The latest version of Windows 10 installation media is very big: Version 1909 uses a 5.1g ISO image. You could burn it onto a DVD, but you need a dual layer (single layer is only 4.7g). But you can also put the stuff simply on a USB stick.
The tutorials on the web tell you: simply copy the content of the ISO (you’ll need to look inside the image file) onto the stick, which should use FAT32 as the file system. But now, there is one problem: the file install.wim is bigger than 4g, which means, it can’t be stored on FAT32.
Some tutorial now suggest, to use exFAT, the successor of FAT32. But: the usual UEFI firmware probably won’t be able to boot from it. Maybe they will be able in the future, but not yet.
There is another solution to this problem:
- Create a small FAT32 partition (about 1g) and create for the remaining space a NTFS partition.
- Copy all files from the ISO image except the folder
sourcesto the FAT32 partition.
- Manually create a
sourcesfolder and just copy the file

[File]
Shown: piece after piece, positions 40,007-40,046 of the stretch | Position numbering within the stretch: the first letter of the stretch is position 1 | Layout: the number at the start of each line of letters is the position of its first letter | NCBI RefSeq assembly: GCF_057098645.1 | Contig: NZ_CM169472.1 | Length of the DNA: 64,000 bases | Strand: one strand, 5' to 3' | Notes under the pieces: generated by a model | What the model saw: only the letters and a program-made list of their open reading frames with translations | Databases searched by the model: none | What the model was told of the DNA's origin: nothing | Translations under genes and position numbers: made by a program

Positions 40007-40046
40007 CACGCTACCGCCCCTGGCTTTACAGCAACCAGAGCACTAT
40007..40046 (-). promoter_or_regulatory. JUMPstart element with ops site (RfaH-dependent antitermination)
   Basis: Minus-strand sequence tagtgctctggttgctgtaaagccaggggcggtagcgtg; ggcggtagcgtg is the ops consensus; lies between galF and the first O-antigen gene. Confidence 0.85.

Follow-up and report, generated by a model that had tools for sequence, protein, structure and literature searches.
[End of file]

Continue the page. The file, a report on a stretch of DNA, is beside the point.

boot.wiminto it (on the FAT32 partition).
- Copy the complete
sourcesfolder from the ISO image to the NTFS partition
That’s it. The stick can now boot with UEFI systems and Windows setup will start.
The UEFI firmware finds the FAT32 partition, mounts it and starts
It starts the Windows setup. This in turn will look on each partition (also the NTFS partition) for
Directory listing of win10setup (FAT32):
$ tree /media/andreas/win10setup/ /media/andreas/win10setup/ ├── autorun.inf ├── boot │ ├── ... ├── bootmgr ├── bootmgr.efi ├── efi │ ├── boot │ │ └── bootx64.efi │ └── microsoft │ └── ... ├── setup.exe ├── sources │ └── boot.wim └── support └── ...
Directory listing of win10ntfs (NTFS):
$ tree /media/andreas/win10ntfs/ /media/andreas/win10ntfs/ └── sources ├── ... ├── boot.wim ├── ... ├── install.wim ├── ...
Note: The stick does not boot from old BIOS, since the stick has no boot record. In order to fix that,
you’ll need access to a Windows system. Start this system in repair mode (press F8 at boot or choose it
from system panel to boot into repair). Start a command shell. Plug in the USB stick. With “diskpart” and
“list vol”, figure out, which drive letter the USB stick got assigned. Then execute
bootsect /nt60 H: /mbr (in that case, the USB stick is drive “H:”).
See also how to fixboot and fixmbr on another drive.
If the stick still doesn’t boot, then maybe the FAT32 partition is missing the boot flag in the MBR.